DLP noob-some comments and questions...

Discussion in 'Displays' started by christopher-h, Nov 21, 2005.

  1. christopher-h

    christopher-h Auditioning

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    I just got my first big screen TV. It's an Akai PT46DL10, 46" DLP. Before this I had a 34" Philips direct view CRT HDTV.

    I absolutely LOVE most things about this DLP-no geometric distortion, no blooming whites or black levels changing depending on what's being displayed, rich natural colors, razor sharp images, bright picture and WIIIIDE viewing angle.

    Having watched nothing but CRT's before this I wish the DLP had richer blacks, but the benefits more than make up for this. My major concen with this new DLP is how it displays dark grays. When I am sitting back on couch watching it the grays look good(not as much shadow detail as CRT, but still good). At close distance though, I can see that the grays are filled with noise, slightly greenish tinted pixels moving around. This noise is what actually makes the dark grays look lighter than black. The more noise, the lighter the shade of gray up to a certain point.

    I have not watched hi-def video yet, but this noise shows up on all things I have tested with, 2 DVD players and an XBOX in both 480i and 480p on multiple component video cables. I just did some calibration with Video Essentials and got the brightness, shapness, color and tint set but I'm not sure what the contrast should be set to since the patterns for this test never showed distortion.

    Once again this is not noticeable if I am more than a couple feet away from the TV, so I don't really mind it except for the lack of definition in dark shadows. Is this how grays usually look on DLP or could I have a defective TV? I am kind of concerned about this since it was an open box model. Also does anyone know how to get into the service menu for this TV?

    Thanks, Chris
     
  2. Philip Hamm

    Philip Hamm Lead Actor

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    Do you know with 100% certainty that your source is purely black and white / grayscale?
     
  3. ChrisWiggles

    ChrisWiggles Producer

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    the noise you are observing in dark scenes is dithering, and is inherent to the PWM behavior of DMD chips.

    To calibrate your DLP, use DVE and for white level use the ramps pattern. Your goal is to maximize both white and black level as much as possible within the capable range of your display. At the extremes, DLPs will either begin to clip whites, or will start to colorshift. The clipping is more obvious, the colorshifting is more subtle to see. Ramp your white level up to maximum and go up and down and look closely at the bars pattern for clipping or colorshifting at the brightest portions of the patten. Keep in mind that other components in the system may already be clipping whites, reference white is marked in this pattern by the dots (and the same for video black) but there should be a brighter white step, and it should continue to ramp up beyond reference white to the edge of the pattern. When you observe clipping or colorshifting, set your white level as high as possible to JUST below this point. Note that this is for calibating a digital display, and NOT a CRT display which is different.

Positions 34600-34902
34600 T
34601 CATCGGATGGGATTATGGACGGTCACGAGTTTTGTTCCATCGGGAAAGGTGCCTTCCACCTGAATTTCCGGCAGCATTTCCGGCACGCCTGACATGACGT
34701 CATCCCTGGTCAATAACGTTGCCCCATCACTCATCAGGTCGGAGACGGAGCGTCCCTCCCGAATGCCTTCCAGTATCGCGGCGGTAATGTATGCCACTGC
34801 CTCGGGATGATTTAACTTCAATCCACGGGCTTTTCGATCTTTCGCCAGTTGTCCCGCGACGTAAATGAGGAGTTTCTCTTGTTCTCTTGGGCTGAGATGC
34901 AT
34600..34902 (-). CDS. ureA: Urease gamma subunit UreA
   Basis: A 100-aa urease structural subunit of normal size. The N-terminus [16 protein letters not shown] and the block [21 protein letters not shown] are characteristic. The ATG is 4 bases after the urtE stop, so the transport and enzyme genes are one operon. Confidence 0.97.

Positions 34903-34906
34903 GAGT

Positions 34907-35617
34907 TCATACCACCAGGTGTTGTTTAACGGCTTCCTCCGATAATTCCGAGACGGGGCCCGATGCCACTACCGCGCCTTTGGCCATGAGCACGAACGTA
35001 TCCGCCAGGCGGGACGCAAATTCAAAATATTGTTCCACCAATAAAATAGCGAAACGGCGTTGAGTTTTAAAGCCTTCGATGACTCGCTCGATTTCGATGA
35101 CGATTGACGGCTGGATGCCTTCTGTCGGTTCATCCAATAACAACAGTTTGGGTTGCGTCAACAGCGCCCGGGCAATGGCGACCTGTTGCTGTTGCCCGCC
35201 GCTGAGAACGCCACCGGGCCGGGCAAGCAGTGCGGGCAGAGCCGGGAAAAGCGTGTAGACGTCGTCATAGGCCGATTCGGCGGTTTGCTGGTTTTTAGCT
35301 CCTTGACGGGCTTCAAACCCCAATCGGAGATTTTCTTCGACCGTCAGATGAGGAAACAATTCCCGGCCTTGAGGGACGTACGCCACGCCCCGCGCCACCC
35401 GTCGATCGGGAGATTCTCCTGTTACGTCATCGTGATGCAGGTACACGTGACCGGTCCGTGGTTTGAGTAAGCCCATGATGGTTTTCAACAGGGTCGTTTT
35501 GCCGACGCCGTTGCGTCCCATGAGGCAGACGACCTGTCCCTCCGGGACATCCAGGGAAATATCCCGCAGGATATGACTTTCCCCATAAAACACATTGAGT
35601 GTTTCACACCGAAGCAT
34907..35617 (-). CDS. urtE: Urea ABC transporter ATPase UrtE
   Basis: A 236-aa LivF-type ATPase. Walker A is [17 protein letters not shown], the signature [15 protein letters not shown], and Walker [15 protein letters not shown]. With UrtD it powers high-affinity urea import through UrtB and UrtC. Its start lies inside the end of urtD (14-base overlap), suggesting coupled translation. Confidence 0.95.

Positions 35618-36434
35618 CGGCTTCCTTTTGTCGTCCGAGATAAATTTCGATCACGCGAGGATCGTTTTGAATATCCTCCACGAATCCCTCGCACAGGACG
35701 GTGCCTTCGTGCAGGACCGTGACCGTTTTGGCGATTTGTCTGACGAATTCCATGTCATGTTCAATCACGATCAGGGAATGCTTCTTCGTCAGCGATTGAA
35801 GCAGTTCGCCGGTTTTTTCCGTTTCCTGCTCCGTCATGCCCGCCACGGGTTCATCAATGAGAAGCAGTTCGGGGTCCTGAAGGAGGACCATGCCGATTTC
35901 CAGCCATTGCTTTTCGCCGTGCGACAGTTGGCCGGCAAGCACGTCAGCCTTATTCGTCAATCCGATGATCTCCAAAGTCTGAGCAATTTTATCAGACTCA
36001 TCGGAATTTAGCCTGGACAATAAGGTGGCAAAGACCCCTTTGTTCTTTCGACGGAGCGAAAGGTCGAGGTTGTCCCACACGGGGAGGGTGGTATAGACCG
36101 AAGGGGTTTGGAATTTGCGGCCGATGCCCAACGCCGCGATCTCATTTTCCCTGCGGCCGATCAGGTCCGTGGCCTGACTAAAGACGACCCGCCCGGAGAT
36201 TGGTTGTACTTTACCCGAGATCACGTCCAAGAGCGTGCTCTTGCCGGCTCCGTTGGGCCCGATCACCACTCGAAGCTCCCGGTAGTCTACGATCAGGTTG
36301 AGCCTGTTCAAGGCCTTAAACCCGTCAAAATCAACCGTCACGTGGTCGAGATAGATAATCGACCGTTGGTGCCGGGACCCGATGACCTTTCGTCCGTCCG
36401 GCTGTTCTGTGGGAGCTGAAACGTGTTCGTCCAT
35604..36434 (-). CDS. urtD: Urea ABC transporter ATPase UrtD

For black level, the dithering noise you see is negative and inherent to DLP, however it also allows you to find the black level of the display with great accuracy. When adjusting black level, pull up any DVE pattern with a black background, a PLUGE pattern with a low % center bar is a great choice. You should see dithering in the bars that are above black, and if your black level is elevated you will also see dithering in the black background. Also check to see if the BTB bar is present or clipped. Using the black background, lower your black level and observe the dithering closely at the screen, and at some point you will see the dithering vanish. This is your black point of the display. Align black in the pattern to this point.

    You may need to go back and check white level as the controls may interact. in this way you can maximize the available contrast range of your display for the best picture that your display is capable of.
     
  4. christopher-h

    christopher-h Auditioning

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    Great tips. I just got DVE and am going to do some calibration tonight or tomorrow, hopefully I can pull some more shadow detail out of my DLP.

    I will also be setting up my audio receiver tomorrow. From what I have seen in Video Essentials and what I have read, it appears that the only tool I need for the sound calibration is an SPL meter which I will be picking up tomorrow. Any pointers for sound calibration?
     
  5. Philip Hamm

    Philip Hamm Lead Actor

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    If you're using a Radio Shack SPL meter, you need to know that the sensitivity to the sub tone frequency is going to be about 3dB down. If the other channels are set to 0dB on the meter, set the sub to -3dB on the meter because there's a rolloff on the bass frequencies the microphone on the SPL meter can handle.
     

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